Long term care needs – the wild card of financial planning

Nothing is going to send a financial plan into a “crash & burn” faster than a disabling sickness or accident.  Even when you have medical insurance, you still have to worry about the costs of nursing homes, assisted care facilities and home health care — none of which are covered by most medical insurance policies, including Medicare.
In an effort to define the size of the problem, I researched the average costs of care in Northern California for a year:

  • Nursing  homes – $91,250
  • Assisted living – $36,852
  • Home health care (eight hours a day) – $58,400

Source:  CNN Money – Long-term care cost calculator

Since 88% of long term care stays are less than five years, the (average) best case scenario is $184,000 and the (average) worst case is $456,000.  That means you would need $3,100 monthly, every month, for five years — at a minimum.

Now you understand why I have stressed the need for long term care insurance.  But in recent years, the few companies that provide long-term care insurance have raised prices — dramatically.  I wanted an alternative to traditional long-term care policies, and I found it —

  • “Hybrid” life insurance policies or annuities that make accelerated death benefits or cash surrender values available to cover long term care costs.•

Is the quality of long term coverage the same?  Without looking at a policy sample, it’s hard to know.  Before you buy either product you would want to review a policy sample or review the definitions of key features.

Krystalynn Schlegel, CLU, ChFC, CLTC, a long-time Marin county life insurance industry veteran, graciously offered to provide her preferred options for hybrid life insurance policies.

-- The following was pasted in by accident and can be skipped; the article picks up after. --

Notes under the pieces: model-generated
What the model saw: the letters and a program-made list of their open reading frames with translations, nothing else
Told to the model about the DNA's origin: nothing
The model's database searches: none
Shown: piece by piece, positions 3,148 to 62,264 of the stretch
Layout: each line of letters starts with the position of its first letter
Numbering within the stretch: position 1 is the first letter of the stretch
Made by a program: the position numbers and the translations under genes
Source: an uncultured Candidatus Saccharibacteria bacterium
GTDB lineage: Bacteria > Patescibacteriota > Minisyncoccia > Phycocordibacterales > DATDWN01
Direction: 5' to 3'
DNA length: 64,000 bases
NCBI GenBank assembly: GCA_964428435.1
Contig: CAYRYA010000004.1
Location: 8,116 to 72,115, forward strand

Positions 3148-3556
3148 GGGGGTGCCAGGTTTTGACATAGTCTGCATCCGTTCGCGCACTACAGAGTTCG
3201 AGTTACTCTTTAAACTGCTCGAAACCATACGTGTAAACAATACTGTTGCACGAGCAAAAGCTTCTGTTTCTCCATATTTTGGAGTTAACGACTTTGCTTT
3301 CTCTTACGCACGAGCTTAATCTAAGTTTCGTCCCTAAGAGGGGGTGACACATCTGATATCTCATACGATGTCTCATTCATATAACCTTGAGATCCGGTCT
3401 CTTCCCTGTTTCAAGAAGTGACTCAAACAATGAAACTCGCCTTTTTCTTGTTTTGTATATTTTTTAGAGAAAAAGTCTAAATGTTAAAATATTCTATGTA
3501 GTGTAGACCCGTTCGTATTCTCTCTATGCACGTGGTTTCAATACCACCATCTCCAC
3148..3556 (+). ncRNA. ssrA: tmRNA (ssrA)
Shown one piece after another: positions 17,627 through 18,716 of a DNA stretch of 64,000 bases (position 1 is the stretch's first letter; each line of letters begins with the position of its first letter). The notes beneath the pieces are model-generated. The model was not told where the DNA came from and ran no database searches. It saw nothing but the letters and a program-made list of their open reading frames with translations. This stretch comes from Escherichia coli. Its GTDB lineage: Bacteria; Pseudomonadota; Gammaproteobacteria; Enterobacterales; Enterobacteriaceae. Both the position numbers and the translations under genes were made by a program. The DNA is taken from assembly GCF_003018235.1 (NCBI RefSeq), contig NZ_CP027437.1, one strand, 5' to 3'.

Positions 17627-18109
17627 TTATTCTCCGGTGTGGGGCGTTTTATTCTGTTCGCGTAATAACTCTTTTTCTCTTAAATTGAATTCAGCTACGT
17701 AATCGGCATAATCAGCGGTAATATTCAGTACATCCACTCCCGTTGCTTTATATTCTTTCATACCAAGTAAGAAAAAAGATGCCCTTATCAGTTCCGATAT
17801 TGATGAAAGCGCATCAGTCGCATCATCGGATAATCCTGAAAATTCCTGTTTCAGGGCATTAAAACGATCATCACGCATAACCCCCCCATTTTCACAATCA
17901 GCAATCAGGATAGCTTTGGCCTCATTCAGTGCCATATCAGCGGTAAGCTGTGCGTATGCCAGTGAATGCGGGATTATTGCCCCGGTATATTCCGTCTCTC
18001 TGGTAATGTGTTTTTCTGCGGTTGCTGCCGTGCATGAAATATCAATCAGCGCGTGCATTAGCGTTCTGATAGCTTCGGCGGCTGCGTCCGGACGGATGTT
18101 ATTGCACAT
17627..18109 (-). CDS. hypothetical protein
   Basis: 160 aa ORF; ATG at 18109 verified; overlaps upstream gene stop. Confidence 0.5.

• John Hancock (age 67) universal life policy with a $500,000 death benefit, and/or $20,000 monthly long-term care benefit. Cost is $14,647 annual premium.

This policy offers sufficient coverage to cover the (average) worst case scenario.

• State Life (age 67 and age 59) 2nd to die whole life policy with $215,000 death benefit, and/or a variable current (This benefit is subject to interest rate risk, which in this case, can only go up.) 50 months of $4,318 monthly long-term care benefits.  Cost is $100,000 one time premium.

This policy provides LTC coverage for two people, but will pay only on the death of the second spouse.  
The above policies require that you first incur the costs before reimbursement.  And you won’t be surprised to learn there are requirements to qualify for reimbursement. For example, most plans will not reimburse you to have a family member take care of you.  Most plans require a “care plan” by the correct licensed practitioner, and care must be administered and delivered by the appropriate practitioner.  All the plans cap how much benefit will be payable per month.

Jerry Skapyak of Low Load Insurance Services, Inc., an insurance agency that provides insurance sales to clients of fee-only planners, provided premium information for a policy that does not require the insured incur and pay the costs first.

• Nationwide – (age 67) universal life policy with a $500,000 death benefit, or $10,000 monthly long-term care benefit.  Cost is $9,300 annual premium.

The objection to the traditional LTC policies is that you can spend thousands of dollars and never use the policy.  Life policies that offer long-term care protection answer that objection.  The question is “Are the opportunity costs too high?” The longer you hold the policy, then the faster the opportunity costs go down to you and your beneficiaries.  But everyone has different risk tolerances and different financial circumstances.  Make sure you understand the surrender charges as they can be severe — $25,000, in the case of one plan.

I suggest that you make sure you understand the impact on your personal financial plan before you sign on the dotted line.  Will you have a sufficient emergency fund?  Will there be enough liquidity in your investment portfolio?  Will your investment portfolio have to work hard, and incur more risk, in order to fund your retirement goals?  Will you be able to live with the decision for the next ten to 15 years, watching your single premium not earn a dime, if you don’t need long term care?  If you can’t answer these questions then an independent, hourly financial planner might be a good resource for you.